Other highly innovative and technological exhibits educate people on the importance of groundwater and there is even a kinetic sand watershed where people can push buttons that drain the lake basins. They can then create cloud cover with their hand to see the effects of rainwater rushing down the hills and mountains.

Most amazing is a virtual, hands on video tour of the Squam Lakes watershed.

"A Plymouth State University student worked with us to get video of the river, streams and lake. People are now able to control their own tour of the watershed by turning a wheel here in front of the screen and seeing all that is out there," said MacLeod.

Like many things at Squam Lake Natural Science Center, the new Water Matters exhibit is a continuing work in progress and visitors can look forward to many additions to it and other features at the center in the weeks and even years to come.

Down the trail a bit the Gordon Interactive Playscape (otherwise known as the Predator-Prey Adventure) is also ready for youngsters to experience the life of a squirrel. They are sure to burn off a lot of energy following fun instructions from strategically located wheels, which they can spin to discover their next squirrel adventure. Simulated trees, "dangerous" highway crossings, pursuing fox and a targeted bird feeder all provide a number of invigorating activities for youngsters that ends with a fun trip down a twisting tubular slide.

On top of all of that, there are the remaining walking trails that lead past educational live animal exhibits such as bear, deer, coyote, fox, the ever playful otters and even a real mountain lion.

Live bird exhibits displaying hawks, vultures and bald eagles can also be found along the way. Besides the animals there are wildflowers to observe, glass enclosed beehives, a boardwalk over a marsh, geological displays and much more that are all intended to entertain and educate everyone on New Hampshire's natural world.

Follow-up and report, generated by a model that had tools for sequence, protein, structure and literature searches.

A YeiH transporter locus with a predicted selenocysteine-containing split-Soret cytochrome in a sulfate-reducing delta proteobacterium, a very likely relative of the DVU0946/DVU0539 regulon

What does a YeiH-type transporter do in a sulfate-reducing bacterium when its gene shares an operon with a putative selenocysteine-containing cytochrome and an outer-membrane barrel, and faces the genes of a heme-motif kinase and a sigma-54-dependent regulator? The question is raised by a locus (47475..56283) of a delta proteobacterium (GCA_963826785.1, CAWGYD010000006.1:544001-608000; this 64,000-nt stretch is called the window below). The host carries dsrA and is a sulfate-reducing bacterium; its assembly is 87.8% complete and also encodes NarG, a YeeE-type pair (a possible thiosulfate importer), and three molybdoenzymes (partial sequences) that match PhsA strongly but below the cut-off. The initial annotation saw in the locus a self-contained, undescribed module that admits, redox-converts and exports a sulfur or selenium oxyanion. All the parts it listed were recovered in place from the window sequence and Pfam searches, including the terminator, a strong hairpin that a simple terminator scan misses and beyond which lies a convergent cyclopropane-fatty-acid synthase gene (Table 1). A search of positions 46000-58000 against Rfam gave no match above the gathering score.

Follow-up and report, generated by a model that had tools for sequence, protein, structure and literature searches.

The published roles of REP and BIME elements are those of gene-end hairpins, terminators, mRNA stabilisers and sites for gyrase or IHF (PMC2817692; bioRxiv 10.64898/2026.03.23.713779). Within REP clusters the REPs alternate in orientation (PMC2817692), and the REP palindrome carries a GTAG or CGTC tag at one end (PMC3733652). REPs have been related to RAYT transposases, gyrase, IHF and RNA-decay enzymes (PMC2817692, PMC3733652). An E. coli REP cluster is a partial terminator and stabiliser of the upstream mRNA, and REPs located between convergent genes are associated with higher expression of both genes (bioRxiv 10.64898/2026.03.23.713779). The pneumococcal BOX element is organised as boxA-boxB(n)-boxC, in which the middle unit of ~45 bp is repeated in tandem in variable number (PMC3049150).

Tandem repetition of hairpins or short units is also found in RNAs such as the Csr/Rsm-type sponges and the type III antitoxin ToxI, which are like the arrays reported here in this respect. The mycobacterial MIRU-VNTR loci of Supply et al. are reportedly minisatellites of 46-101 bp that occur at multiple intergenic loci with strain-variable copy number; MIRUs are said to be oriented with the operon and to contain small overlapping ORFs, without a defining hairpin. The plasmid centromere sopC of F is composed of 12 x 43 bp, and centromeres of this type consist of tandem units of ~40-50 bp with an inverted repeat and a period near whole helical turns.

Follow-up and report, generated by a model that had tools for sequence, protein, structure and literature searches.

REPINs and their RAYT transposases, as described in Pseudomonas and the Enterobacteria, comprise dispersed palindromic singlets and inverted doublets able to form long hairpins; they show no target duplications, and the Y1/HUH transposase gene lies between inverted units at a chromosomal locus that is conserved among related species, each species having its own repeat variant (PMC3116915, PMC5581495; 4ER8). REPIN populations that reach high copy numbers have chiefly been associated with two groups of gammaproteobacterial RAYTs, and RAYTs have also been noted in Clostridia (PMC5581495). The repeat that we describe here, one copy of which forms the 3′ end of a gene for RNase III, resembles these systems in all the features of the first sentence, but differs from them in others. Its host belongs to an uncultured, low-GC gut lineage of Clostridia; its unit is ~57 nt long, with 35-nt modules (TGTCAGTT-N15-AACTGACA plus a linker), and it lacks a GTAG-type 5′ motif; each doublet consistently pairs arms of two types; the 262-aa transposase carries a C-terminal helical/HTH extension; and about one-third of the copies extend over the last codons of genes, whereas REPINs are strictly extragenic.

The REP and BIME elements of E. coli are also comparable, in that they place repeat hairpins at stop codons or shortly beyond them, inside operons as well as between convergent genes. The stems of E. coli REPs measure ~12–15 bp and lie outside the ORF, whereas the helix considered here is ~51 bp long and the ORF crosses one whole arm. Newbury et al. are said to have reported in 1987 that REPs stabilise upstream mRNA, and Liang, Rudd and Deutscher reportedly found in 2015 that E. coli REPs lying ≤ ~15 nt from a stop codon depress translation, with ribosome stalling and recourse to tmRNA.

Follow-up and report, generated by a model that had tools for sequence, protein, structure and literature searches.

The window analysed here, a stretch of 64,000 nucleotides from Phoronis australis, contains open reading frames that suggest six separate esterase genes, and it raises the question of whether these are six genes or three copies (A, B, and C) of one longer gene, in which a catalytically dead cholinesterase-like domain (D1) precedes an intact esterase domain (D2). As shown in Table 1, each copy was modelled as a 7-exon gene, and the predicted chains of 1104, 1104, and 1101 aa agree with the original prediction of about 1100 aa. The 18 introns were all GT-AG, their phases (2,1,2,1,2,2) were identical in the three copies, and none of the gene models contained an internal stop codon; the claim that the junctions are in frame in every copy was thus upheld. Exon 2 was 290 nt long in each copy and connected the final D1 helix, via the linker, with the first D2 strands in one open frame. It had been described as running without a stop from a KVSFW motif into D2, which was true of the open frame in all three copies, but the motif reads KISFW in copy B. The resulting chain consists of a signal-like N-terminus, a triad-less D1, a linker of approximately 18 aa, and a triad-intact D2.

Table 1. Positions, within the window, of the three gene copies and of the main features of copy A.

Picnic grounds are available for all-day visits and adventurous individuals can later head out on a few hiking trails behind the center that lead to higher natural terrain and provide an even greater outdoor experience.

When the day is done, visitors are also invited to stop by the Howling Coyote Gift Shop where this year two great books from Squam Lakes Natural Science Center are on sale.

The first is staff naturalist Margaret Gillespie's book, "Nearer to Nature," a wonderful compilation of her past writings and photographs from the center. Naturalist and bird specialist Dave Erler also recently published a wonderful hands on book for families and teachers to enjoy with children, titled "50 Nature Activities for Kids." Spiral bound for easy access in the outdoors, it provides a number of fun projects like homemade waterscopes to peak beneath the surface of lakes and streams and other great ideas for kids.

Squam Lakes Science Center also hosts a number of special educational events and programs throughout the summer. Schedules and times for each can be found on their Web site, www.nhnature.org.